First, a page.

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Apprentices Who Obey their Master and Apprentices Who Disobey their Master from the series Moral Lessons through Pictures of Good and Evil

Japanese Color Woodblock Print 

Apprentices Who Obey their Master and

Apprentices Who Disobey their Master

from the series 

Moral Lessons through Pictures of Good and Evil

by Tsukioka Yoshitoshi, 1880

IHL Cat. #507

About This Print

Source: Yoshitoshi.net website of J. Noel Chiappa and Jason M. Levine http://www.yoshitoshi.net/series/morallessons.html

One of twenty prints (full oban-size) from the series Moral Lessons through Pictures of Good and Evil picturing diligent apprentices working by lamplight who follow their master's advice and apprentices at a street stall being lead astray, not regarding their master's care.

About The Series Moral Lessons through Pictures of Good and Evil

These lessons in morality were originally issued as twenty single oban-size sheets containing two paired chūban-size prints contrasting "good" behavior with "bad" behavior.  Over time many of the full-size oban sheets have been cut into separate chūban size prints.

Little figures portraying good souls (zendama) and evil souls (akudama) populate each print.  The faces of the zendama and akudama show variations of the characters 善 (good) and 悪 (evil).  These figures originated with the author and printmaker Santō Kyōden in his 1790 book Shingaku hayasomegusa (“Learning of the Mind (or Heart) in Fast Dyes”) and they started commonly appearing in woodblock prints shortly thereafter.  For additional information on zendama and akudama figures please see the article on this site titled Representations of Good and Evil: Origins of Zendama and Akudama Figures in Japanese Prints

Each print in the series carries the signature "ryōdōjin Yoshitoshi giga". Ryōdōjin, a person who knows both ways, suggests that the artist, perhaps like ourselves, knows both the good and evil in himself.

Evil 悪
Good 善

A Thesis on This Series
Titled Tsukioka Yoshitoshi's Series Kyōkun zen’aku zukai, written by Kiyoko Andrea Metler, this 2017 masters thesis analyzing this print series is available for download from the University of Vienna's website at http://othes.univie.ac.at/46922/. It is in German, but the following English Abstract is provided:

This master’s thesis examines the woodblock print series Kyōkun zen’aku zukai (Moral lessons of good and evil) by the ukiyo-e artist Tsukioka Yoshitoshi. Furthermore it addresses the socio-cultural, intellectual and historical backgrounds of the series. At first glance the series appears unassuming. Specialist literature tends to dismiss it as “moralizing“ and “educational“ when in reality it offers comprehensive and fascinating insights into the popular consciousness, moral perceptions as well as the daily life of the common people during the Edo and Meiji era. The series is comprised of forty separate images accompanied by texts, both depicting and explaining the predominant moral concepts of the time. The careful reading, translation and detailed analysis of the texts in combination with the images of the prints unveiled these moral concepts, which can be attributed to the “conventional morality” (tsūzoku dōtoku) taking shape during the Edo period. Until the mid-Meiji period practicing “conventional morality” in the form of virtues and values like diligence, self-discipline, honesty, abstinence, harmony, frugality and filial piety was of great significance. In fact “conventional morality” was the essence of the common folk and furthermore constituted the basis of the yonaoshi movement towards a better world and the modernization of Japan. Since the end of the 18th century natural disasters and great famines had severely affected Japan’s rural population. This led to the impoverishment of the common people and increased conflicts within society. Therefore people stood up for the “renewal of the world” by engaging in popular uprisings in which they demanded and fought for peace, justice, equality and freedom. Despite the arrival of the Meiji period conventional morality was able to maintain its status in the educational system as well as the ethical education. The Meiji period brought about countless changes, new interpretations and misappropriations of conventional morality. There were even attempts to integrate conventional morality into the ideological efforts of Japan. Moreover external factors like the forced opening of Japan and the signing of the “unequal treaties” led to an increased interest in traditional moral concepts, since it was Japan’s primary goal to gain parity with the advanced Western countries. All available resources were mobilized to overcome and remove the “lack of civilization” and backwardness alleged by the West in the shortest time possible.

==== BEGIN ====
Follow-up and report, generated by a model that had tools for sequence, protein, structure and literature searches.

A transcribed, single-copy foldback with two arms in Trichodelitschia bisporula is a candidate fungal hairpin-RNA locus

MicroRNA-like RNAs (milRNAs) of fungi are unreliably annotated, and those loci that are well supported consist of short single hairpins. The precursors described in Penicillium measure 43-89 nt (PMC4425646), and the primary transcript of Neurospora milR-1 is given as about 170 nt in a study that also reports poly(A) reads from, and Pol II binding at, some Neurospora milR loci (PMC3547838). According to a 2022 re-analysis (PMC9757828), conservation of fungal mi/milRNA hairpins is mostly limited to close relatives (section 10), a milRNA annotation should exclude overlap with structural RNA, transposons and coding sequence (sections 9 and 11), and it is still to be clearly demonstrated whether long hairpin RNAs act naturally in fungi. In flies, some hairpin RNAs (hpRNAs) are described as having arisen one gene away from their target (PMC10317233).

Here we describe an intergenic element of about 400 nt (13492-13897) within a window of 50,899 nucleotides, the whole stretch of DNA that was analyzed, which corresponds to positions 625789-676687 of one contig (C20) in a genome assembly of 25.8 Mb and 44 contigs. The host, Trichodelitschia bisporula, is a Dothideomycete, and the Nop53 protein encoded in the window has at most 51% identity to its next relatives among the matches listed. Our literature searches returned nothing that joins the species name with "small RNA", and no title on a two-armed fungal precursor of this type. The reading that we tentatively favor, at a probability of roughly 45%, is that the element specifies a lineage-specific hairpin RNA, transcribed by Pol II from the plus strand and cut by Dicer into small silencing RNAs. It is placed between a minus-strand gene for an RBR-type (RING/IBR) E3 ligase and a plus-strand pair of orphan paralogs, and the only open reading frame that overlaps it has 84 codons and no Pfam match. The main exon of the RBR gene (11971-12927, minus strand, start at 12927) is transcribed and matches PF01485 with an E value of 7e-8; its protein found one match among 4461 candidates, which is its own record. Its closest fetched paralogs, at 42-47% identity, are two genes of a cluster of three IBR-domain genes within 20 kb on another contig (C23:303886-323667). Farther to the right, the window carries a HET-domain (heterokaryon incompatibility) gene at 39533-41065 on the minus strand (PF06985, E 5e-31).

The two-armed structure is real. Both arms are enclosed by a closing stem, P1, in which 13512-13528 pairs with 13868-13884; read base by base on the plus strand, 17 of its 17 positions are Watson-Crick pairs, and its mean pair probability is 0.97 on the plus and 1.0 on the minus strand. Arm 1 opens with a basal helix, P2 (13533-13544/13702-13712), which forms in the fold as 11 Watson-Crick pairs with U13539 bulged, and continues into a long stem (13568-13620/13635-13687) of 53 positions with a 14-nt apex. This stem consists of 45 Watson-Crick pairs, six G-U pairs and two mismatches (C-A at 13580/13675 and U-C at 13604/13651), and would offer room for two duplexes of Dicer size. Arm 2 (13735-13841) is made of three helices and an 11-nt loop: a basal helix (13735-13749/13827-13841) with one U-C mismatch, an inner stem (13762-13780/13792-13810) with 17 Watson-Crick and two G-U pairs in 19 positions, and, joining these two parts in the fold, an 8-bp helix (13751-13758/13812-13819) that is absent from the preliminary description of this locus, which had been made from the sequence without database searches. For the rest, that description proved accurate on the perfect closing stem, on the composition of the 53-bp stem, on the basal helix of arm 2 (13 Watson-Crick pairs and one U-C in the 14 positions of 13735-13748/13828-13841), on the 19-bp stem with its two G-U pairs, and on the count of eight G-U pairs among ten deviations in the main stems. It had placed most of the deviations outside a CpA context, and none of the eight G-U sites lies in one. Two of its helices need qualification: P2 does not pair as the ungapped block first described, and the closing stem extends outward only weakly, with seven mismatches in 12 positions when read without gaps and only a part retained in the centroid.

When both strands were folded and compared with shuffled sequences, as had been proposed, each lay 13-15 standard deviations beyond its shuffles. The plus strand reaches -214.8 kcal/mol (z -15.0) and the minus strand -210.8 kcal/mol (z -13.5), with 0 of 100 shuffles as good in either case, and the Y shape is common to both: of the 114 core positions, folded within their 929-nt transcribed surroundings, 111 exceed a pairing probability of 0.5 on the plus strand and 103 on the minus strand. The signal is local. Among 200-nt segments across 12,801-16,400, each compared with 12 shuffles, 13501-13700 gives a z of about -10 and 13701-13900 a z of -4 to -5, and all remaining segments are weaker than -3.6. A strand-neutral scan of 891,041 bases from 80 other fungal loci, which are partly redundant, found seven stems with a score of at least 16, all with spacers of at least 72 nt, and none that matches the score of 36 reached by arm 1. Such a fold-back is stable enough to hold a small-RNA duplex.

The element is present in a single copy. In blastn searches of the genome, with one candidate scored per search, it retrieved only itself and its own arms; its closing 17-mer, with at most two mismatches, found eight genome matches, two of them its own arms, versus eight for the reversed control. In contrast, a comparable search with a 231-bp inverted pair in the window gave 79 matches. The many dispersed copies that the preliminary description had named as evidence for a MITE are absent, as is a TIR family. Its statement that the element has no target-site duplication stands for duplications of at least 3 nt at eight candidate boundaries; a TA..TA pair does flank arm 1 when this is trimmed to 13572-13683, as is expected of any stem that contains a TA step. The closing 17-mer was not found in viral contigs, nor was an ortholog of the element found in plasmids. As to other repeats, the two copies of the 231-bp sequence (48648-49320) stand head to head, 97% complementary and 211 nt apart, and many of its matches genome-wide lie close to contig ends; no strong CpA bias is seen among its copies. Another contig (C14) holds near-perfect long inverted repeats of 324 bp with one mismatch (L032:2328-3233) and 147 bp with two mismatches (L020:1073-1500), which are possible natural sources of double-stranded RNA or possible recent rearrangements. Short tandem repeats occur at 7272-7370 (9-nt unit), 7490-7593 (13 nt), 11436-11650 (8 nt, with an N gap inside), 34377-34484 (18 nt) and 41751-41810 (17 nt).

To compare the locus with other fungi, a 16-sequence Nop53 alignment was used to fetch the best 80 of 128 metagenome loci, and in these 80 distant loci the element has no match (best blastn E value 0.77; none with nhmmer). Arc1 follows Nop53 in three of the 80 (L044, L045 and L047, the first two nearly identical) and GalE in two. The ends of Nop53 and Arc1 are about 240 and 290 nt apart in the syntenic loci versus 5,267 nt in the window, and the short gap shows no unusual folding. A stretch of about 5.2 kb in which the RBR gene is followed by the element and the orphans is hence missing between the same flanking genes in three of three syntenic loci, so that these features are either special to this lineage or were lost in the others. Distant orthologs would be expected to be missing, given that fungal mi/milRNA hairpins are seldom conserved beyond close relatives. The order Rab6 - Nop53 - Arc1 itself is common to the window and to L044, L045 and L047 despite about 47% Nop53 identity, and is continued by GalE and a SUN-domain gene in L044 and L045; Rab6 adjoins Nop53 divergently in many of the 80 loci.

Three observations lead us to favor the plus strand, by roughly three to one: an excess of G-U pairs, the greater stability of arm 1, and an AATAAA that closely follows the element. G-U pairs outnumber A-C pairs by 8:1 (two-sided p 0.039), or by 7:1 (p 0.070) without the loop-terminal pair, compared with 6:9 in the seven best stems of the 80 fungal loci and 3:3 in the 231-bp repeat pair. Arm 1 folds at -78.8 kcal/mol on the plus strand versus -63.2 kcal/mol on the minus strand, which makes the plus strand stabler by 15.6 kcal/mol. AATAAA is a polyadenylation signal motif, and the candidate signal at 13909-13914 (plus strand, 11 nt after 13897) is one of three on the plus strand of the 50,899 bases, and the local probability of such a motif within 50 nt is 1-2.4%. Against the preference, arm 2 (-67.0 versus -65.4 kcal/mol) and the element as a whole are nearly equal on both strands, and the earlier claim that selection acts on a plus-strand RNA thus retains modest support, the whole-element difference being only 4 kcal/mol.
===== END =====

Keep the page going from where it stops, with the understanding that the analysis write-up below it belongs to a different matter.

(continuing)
Print Details

 IHL Catalog #507
 Title Apprentices who obey their master and apprentices who disobey their master
 主人の教へを守る丁稚  主人の教へを守らざる丁稚
 Series Moral Lessons through Pictures of Good and Evil
 Kyōkun zenaku zukai 教訓善悪圖解 (教訓善悪図解)
 Tsukioka Yoshitoshi (1839-1892)

 top print
Ryōdōjin Yoshitoshi giga
[Ryōdōjin - a person who knows both ways]
bottom print

Ryōdōjin Yoshitoshi giga

left margin
 Seal none
 Date 1880 February 23
Tsunashima Kamekichi (Tsunajima Kamekichi) 綱島亀吉 
firm name: Tsujiokaya Kamekichi 
[Marks: pub. ref. 549; similar to seal 26-087]
 Impression excellent
 Colors excellent
 Condition good - full size; not backed; minor soiling and wrinkling
 Genre ukiyo-e; nishiki-e shūshindan; giga
 Miscellaneous Keyes: 426
 Format horizontal oban (consisting of two chūban size prints)
 H x W Paper 13 7/8 x 9 1/2 in. (35.2 x 24.1 cm)
 Collections This Print Adachi City Museum 資料番号 900
 Reference Literature Tsukioka Yoshitoshi's Series Kyōkun zen’aku zukai, Kiyoko Andrea Metzler, University of Vienna, 2017
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